If the test of character is what you do when nobody's looking, then Harvard students have been failing badly lately, even as they ace their finals. Along with many other schools, students at this Ivy League university are cheating. You can't get through a week now without seeing another newspaper article or post about how students seem to think tests and exams and grades are just an obstacle to maneuver around by any means possible, so that the real work in life can begin.
Long story short on Harvard: students who enrolled in what was reputed to be an easy-A course discovered that the assistant professor was actually making his exams difficult in ways that didn't seem fair. The exams had become tricky and confusing. So they started collaborating or plagiarizing on a take-home final. And they got caught. This culture, where what used to be considered cheating is just standard operating procedure, seems to be spreading throughout many schools. Daniel Solomon, a graduate of Stuyvesant High School wrote in the New York Post in July that students at this school commonly used their cell phones to cheat on Regents exams. He wrote:
At least 72 percent in each grade admitted to copying homework at some point. Ninety percent of seniors said they'd had advance knowledge of test questions at least once per year. And 5 percent of the student body confessed to cheating on SAT and AP exams.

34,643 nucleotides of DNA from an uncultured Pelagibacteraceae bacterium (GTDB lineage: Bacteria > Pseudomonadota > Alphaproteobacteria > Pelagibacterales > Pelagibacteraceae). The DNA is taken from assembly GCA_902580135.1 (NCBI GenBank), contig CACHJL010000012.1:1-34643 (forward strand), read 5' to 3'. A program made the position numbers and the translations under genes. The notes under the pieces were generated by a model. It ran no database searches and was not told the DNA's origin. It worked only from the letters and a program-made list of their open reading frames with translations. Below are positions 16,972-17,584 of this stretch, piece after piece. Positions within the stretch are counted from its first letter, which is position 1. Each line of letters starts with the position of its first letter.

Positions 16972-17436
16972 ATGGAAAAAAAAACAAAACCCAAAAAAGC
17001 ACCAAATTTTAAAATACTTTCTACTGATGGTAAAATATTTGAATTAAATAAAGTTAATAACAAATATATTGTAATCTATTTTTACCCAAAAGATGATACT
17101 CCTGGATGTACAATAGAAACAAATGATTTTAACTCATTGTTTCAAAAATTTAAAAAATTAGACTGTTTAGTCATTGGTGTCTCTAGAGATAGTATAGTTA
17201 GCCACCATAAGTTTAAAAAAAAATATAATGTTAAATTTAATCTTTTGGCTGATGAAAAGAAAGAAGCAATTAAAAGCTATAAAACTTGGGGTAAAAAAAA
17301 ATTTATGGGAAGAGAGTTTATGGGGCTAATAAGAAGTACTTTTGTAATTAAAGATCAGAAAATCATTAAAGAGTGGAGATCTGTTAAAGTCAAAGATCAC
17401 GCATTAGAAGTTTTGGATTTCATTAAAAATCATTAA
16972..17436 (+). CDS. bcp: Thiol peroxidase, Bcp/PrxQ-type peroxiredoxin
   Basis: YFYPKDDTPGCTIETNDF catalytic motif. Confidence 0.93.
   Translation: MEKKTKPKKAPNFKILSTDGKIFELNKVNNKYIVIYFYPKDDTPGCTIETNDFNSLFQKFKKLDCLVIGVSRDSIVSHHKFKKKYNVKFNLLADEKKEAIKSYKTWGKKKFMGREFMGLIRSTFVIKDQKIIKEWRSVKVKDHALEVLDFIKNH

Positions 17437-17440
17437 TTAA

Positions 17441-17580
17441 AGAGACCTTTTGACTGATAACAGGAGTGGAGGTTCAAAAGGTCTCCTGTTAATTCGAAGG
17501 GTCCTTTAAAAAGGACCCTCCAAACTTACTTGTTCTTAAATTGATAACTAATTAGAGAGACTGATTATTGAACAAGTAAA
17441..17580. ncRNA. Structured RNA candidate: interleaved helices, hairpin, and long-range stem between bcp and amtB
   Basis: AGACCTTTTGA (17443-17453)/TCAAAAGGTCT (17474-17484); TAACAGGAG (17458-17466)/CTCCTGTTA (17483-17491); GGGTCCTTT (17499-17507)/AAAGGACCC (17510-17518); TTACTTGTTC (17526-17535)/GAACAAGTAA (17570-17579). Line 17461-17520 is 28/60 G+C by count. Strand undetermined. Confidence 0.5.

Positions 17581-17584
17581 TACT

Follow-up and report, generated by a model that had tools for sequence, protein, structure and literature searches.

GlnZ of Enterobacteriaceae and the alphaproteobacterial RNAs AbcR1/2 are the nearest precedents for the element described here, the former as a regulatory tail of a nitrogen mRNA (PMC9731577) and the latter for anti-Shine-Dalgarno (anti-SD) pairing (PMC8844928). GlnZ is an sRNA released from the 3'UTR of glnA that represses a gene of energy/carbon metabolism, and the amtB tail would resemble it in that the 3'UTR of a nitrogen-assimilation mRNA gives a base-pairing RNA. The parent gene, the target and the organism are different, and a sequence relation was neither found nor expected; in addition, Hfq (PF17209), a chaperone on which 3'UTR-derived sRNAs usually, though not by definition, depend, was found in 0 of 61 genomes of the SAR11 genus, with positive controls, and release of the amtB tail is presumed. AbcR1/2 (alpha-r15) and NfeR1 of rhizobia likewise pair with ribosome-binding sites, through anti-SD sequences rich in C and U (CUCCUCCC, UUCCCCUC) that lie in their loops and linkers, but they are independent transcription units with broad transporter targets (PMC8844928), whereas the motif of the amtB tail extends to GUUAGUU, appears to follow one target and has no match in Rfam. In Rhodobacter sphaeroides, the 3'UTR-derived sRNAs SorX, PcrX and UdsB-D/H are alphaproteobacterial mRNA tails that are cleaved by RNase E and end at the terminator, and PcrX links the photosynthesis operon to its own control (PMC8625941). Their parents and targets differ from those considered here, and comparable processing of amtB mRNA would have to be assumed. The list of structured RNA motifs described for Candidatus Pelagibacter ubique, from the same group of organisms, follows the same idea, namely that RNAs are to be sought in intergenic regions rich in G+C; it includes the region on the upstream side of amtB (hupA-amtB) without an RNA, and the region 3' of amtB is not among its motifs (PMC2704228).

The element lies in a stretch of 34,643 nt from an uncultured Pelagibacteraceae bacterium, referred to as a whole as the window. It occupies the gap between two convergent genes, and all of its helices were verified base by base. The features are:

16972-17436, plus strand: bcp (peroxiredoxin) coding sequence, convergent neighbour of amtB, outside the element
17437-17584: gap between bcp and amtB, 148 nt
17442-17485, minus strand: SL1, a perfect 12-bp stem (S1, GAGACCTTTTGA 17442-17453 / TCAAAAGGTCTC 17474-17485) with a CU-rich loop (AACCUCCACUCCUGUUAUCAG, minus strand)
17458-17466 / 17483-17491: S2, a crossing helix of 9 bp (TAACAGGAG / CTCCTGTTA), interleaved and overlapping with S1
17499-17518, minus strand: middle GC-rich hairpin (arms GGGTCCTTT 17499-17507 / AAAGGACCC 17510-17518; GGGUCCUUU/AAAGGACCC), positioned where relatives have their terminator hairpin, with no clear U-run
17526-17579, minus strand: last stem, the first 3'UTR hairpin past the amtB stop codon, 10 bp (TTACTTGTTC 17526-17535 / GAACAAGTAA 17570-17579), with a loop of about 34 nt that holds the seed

Ironically, Solomon went on to enter Harvard University, where he probably wasn't shocked to see the same tolerance for cheating in higher education.
The Times reflected on all this in an excellent article a few weeks ago:
Large-scale cheating has been uncovered over the last year at some of the nation's most competitive schools, like Stuyvesant High School in Manhattan, the Air Force Academy and, most recently, Harvard.
Studies of student behavior and attitudes show that a majority of students violate standards of academic integrity to some degree, and that high achievers are just as likely to do it as others. Moreover, there is evidence that the problem has worsened over the last few decades.
Experts say the reasons are relatively simple: Cheating has become easier and more widely tolerated, and both schools and parents have failed to give students strong, repetitive messages about what is allowed and what is prohibited.
On the one hand, all of this evidence that we're losing our moral compass is disheartening. Most evil is founded on some kind of dishonesty, and cheating is dishonest. Yes, parents may not be sending strong messages about what's right and wrong, but you don't need your parents to tell you dishonesty is wrong. You know it. It's built into our nature as human beings. It's one of our fundamental impulses: we disguise what we do, especially when the larger social unit will disapprove or when a predator needs to be fooled. In other words, we're hard-wired, through evolution, for deceit and trickery. Yet we also know that dishonesty destroys trust and without trust, society collapses. Trust, and only trust, is what keeps an entire economy afloat.